Sign in to follow this  
Followers 0

Cool off Hothead! "cooling crevices"


I'ts a known fact that the head gives off the most body heat. So why let your helmet restrict how your head gives off heat? Here's a simple 10 minute tip to help keep your head cool in the dog-days of summer. :ride:

Tools: yourself, scissors, fishing string(any lb. test), duct tape, helmet w/ removable lining

1st- Set your helmet on a table. Now take out the lining. It's now a good time to run these through the washer if they're dirty.

2nd- Cut some small pieces of duct tape and hang them off the edge of your table. Cut some pieces of string about 12in in length. Tie a loop on one end of your string, resembling a noose.

3rd- With the cheek pads (clean) in hand, insert one end of the string into the hole in the cheek pad(the hole is for the helmet strap). The other end of the string wraps around the pad and ties goes through the noose end of the string. Pull the free end until the pad compresses together. The string should be taut. This pic illustrates where the fishing line should be placed on the cheek pad.


The top string is creates the most cooling difference, whereas the front and bottom strings make less of a cooling difference but are still effective.

4th- Here is a pic of the opposite side of the cheek pad. The duct tape holds the string in place.


Make sure you use enough and press down firmly so the tape doesn't slip on the string.

5th- Now with the "cooling crevices" constructed in the helmet, slide your cheek pads back into the helmet. Here is a pic of the cheek pads.


The pad on the right is not yet completed, notice the crevices on the left. These make a noticeable difference on the track/trail.

Good luck and stay cool! :banana:

PM me if you have any questions. :thumbsup:

Sign in to follow this  
Followers 0

User Feedback

There are no comments to display.

Create an account or sign in to comment

You need to be a member in order to leave a comment

Reply with:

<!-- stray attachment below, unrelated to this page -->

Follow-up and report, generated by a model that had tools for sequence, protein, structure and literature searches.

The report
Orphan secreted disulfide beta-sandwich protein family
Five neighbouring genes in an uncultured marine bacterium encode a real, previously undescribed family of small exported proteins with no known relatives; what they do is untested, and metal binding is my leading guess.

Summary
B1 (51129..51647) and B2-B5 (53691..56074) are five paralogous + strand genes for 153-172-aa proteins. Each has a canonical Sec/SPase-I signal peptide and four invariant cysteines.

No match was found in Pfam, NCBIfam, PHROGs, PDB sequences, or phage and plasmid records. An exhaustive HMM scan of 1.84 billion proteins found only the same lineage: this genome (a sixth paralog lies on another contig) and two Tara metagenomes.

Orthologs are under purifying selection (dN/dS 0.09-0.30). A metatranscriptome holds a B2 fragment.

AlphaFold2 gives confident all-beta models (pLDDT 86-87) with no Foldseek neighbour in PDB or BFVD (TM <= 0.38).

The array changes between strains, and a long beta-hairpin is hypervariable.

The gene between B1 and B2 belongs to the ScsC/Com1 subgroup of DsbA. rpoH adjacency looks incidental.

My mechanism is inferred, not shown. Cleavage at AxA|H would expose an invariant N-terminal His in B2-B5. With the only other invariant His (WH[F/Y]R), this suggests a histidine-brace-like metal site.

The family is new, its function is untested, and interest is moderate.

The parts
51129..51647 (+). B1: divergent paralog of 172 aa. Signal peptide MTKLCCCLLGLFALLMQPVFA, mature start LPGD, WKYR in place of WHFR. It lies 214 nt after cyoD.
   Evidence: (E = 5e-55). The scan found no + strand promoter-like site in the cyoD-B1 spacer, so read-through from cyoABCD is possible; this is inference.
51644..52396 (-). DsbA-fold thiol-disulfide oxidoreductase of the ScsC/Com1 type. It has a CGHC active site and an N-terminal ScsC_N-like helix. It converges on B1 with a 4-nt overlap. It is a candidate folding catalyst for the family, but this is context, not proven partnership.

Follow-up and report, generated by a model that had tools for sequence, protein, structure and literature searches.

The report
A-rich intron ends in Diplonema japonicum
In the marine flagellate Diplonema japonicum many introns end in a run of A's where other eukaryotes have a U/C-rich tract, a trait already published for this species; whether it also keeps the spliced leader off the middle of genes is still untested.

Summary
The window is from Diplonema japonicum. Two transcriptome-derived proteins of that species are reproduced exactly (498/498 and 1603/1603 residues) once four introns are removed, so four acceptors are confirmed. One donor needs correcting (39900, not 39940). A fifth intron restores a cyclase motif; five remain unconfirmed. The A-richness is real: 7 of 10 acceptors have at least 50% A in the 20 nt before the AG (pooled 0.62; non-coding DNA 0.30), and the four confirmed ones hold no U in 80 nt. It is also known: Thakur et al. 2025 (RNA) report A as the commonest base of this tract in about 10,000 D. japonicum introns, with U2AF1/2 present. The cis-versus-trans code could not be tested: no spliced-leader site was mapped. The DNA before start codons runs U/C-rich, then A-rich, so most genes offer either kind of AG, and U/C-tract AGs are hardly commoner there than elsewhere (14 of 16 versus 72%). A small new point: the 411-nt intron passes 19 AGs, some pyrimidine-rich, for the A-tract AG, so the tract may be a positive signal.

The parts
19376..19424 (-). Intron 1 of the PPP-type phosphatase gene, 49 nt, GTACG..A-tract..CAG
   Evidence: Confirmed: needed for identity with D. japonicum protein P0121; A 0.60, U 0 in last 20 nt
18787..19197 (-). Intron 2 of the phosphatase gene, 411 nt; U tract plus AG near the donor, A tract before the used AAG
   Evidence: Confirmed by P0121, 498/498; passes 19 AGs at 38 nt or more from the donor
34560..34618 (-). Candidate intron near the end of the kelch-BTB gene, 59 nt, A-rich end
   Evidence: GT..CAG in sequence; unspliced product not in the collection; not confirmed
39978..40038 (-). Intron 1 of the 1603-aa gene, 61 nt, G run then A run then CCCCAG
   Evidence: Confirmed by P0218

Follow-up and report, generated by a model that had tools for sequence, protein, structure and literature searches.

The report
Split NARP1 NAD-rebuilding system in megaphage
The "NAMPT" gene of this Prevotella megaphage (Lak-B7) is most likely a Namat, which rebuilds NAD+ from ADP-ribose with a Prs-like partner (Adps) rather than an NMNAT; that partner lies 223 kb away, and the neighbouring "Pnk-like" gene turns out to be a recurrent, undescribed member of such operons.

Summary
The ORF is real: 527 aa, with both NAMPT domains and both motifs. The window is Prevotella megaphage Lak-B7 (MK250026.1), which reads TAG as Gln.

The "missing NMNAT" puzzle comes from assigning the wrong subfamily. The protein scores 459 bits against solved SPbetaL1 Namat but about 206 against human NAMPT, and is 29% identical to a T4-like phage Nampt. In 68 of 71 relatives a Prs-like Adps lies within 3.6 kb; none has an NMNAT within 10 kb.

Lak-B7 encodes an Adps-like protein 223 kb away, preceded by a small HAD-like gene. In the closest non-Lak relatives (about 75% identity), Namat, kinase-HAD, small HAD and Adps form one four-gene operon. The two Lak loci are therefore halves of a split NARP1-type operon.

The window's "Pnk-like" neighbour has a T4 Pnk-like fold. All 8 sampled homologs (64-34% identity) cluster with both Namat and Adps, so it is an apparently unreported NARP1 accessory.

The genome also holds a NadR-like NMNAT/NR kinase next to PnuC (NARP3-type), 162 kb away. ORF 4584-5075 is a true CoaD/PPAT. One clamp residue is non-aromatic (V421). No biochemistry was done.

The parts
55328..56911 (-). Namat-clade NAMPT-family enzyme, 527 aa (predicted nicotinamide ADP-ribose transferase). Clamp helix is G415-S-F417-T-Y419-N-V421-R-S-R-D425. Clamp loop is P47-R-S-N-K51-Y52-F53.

• Similar Content

    • By Thumper696
      Does anyone have experience with 6D helmets?
      I am looking at the 6D ATR-1 Edge Helmet, have read good things about them.
      Looking to use it for woods riding and Hare Scrambles.
      Any insight into there helmets would be appreciated.
    • By downonmonday
      I'm going to try out an Airoh helmet this next season. I'm coming from a 6D. I love my 6D, but I am wanting to try something different. But, when I googled Airoh helmets I came across this website, Is it a legit site? The prices seem really low and I don't see a section with address or 'about us'. 
    • By Bryan Bosch
      More @
      There's a comment section below the article if you'd like to discuss the article. We'd love to hear what you have to say about this new helmet tech. 

    • By Bryan Bosch
      Kirsh Helmets Debuts With CHM-1, the Toughest, Lowest-profile, DOT-certified Half-shell Helmet on the Market
      SCHENECTADY, NY – October 11, 2017 – (Motor Sports Newswire) – Kirsh Helmetsa member of the Impact Technologies family, both founded by Jason E. Kirshon, are poised to effect a sea of change in the motorsports and other helmet industries. For decades, legacy compression polystyrene technology (aka foam) has been the standard in helmets, from motorsports to football to snowboarding and any number of other impact sports and activities. No longer. “Has been” is the right way to frame it, because Kirsh Helmets, with its patented fluid-displacement-liner (FDL), is about to make foam to helmets what rotary phones are to cellular technology—obsolete.